A 65‐year‐old man with a medical history significant for hypertrophic cardiomyopathy presented with a 3‐week history of mid‐sternal chest pain, fevers, and sweats. His primary care physician sent him to the emergency department after outpatient blood cultures returned positive for S. viridans. He denied recent dental procedures, surgeries, or cough. Physical exam revealed a temperature of 38.5 degrees Celsius, diaphoresis, and a crescendo decrescendo mid‐to‐late peaking systolic murmur heard best at the apex and left lower sternal border. There was no evidence of vascular phenomena. EKG showed sinus tachycardia with left ventricular hypertrophy. TEE demonstrated a thickened ventricular septum measuring 3.4 centimeters in diastole, left atrial enlargement, and a mobile vegetation on the anterior mitral valve leaflet. On TTE, the resting peak systolic gradient of the left ventricular outflow tract was elevated at 65 mmHg. There was mild to moderate mitral regurgitation without prolapse of the mitral valve. During his hospital course, he defervesced and was discharged with intravenous ceftriaxone on hospital day 5.
Hypertrophic cardiomyopathy (HCM) is a relatively common disease, occurring in about 1 of every 500 people. It is typically characterized by ventricular septal hypertrophy and can uncommonly manifest as sudden death, primarily as a result of ventricular arrhythmias1. However, other complications may occur, which include atrial fibrillation, heart failure, and less commonly infective endocarditis (IE). Although IE is uncommon in the HCM population (1.4 per 1000 person‐years)2, the incidence is greater than community‐acquired native‐valve IE (1.7‐6.2 per 100,000 person‐years)3, and its morbidity and mortality risk is high. The literature on IE in HCM is scant, but all cases have occurred when the left ventricular outflow is obstructed under resting conditions2 (≥ 30 mmHg), as was the case in this patient. Some theorize that obstructive HCM carries an increased risk of IE because high velocity and turbulent blood flow during systole, as well as contact between the anterior mitral valve leaflet and septum, damage the valve endocardium. The damaged valve serves as a nidus for bacterial adherence. Although there is controversy4, the American Heart Association guidelines5 do not recommend antibiotic prophylaxis for most individuals with HCM prior to dental procedures. However, now that this patient has developed IE, he is a candidate for future antibiotic prophylaxis.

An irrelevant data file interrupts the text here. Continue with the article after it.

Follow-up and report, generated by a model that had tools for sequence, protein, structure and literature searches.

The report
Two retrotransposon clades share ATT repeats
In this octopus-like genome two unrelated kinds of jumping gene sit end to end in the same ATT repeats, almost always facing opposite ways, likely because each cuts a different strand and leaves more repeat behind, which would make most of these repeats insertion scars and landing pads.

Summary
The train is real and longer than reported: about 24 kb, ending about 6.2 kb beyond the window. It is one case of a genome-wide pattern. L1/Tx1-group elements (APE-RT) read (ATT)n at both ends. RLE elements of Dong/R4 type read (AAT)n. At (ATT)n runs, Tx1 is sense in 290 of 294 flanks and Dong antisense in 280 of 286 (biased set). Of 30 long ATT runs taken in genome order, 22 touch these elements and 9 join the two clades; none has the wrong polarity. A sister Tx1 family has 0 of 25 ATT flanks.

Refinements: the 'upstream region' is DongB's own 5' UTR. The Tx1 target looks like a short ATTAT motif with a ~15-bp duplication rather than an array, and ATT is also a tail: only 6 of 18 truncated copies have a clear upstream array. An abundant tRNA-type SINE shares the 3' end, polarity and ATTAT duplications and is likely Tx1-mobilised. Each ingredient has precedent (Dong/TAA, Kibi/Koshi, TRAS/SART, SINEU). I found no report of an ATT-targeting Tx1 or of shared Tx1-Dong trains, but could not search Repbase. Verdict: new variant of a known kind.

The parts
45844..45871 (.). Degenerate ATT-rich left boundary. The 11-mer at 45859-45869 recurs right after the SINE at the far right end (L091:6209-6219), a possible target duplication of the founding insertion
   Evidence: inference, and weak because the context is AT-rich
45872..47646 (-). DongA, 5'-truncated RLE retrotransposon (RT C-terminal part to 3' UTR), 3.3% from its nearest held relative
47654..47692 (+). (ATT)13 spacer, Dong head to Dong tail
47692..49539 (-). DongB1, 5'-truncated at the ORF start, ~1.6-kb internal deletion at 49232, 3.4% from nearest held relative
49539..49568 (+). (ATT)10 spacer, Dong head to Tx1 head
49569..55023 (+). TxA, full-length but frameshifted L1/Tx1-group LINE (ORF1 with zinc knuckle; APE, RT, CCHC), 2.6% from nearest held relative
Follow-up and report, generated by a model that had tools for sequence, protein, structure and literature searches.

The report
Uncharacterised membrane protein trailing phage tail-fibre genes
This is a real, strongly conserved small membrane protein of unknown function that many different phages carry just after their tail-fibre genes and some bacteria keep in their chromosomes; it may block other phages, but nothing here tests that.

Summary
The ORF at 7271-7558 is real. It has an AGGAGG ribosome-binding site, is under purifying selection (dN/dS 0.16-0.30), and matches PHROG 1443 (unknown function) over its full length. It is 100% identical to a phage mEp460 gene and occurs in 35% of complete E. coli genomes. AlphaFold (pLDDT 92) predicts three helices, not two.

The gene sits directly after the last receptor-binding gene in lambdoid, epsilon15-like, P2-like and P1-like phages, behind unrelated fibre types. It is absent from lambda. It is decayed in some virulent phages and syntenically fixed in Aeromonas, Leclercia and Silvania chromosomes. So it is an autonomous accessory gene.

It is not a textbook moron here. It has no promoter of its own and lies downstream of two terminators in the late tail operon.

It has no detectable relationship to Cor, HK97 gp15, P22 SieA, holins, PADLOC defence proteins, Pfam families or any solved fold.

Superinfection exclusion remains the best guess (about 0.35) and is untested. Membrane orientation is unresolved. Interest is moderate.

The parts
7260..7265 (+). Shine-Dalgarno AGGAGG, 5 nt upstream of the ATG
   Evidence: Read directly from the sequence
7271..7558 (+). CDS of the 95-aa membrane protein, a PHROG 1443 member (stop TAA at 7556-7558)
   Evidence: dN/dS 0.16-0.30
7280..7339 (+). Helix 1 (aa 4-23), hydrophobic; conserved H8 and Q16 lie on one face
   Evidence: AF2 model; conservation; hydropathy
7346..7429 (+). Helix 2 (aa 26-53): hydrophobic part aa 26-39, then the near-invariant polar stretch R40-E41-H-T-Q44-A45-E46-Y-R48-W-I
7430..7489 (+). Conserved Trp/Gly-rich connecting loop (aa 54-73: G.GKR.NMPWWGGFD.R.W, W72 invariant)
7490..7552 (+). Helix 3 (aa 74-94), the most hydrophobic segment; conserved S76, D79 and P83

Hospitalists should be aware of the risk of IE in patients with HCM, particularly when left ventricular outflow tract obstruction is present.
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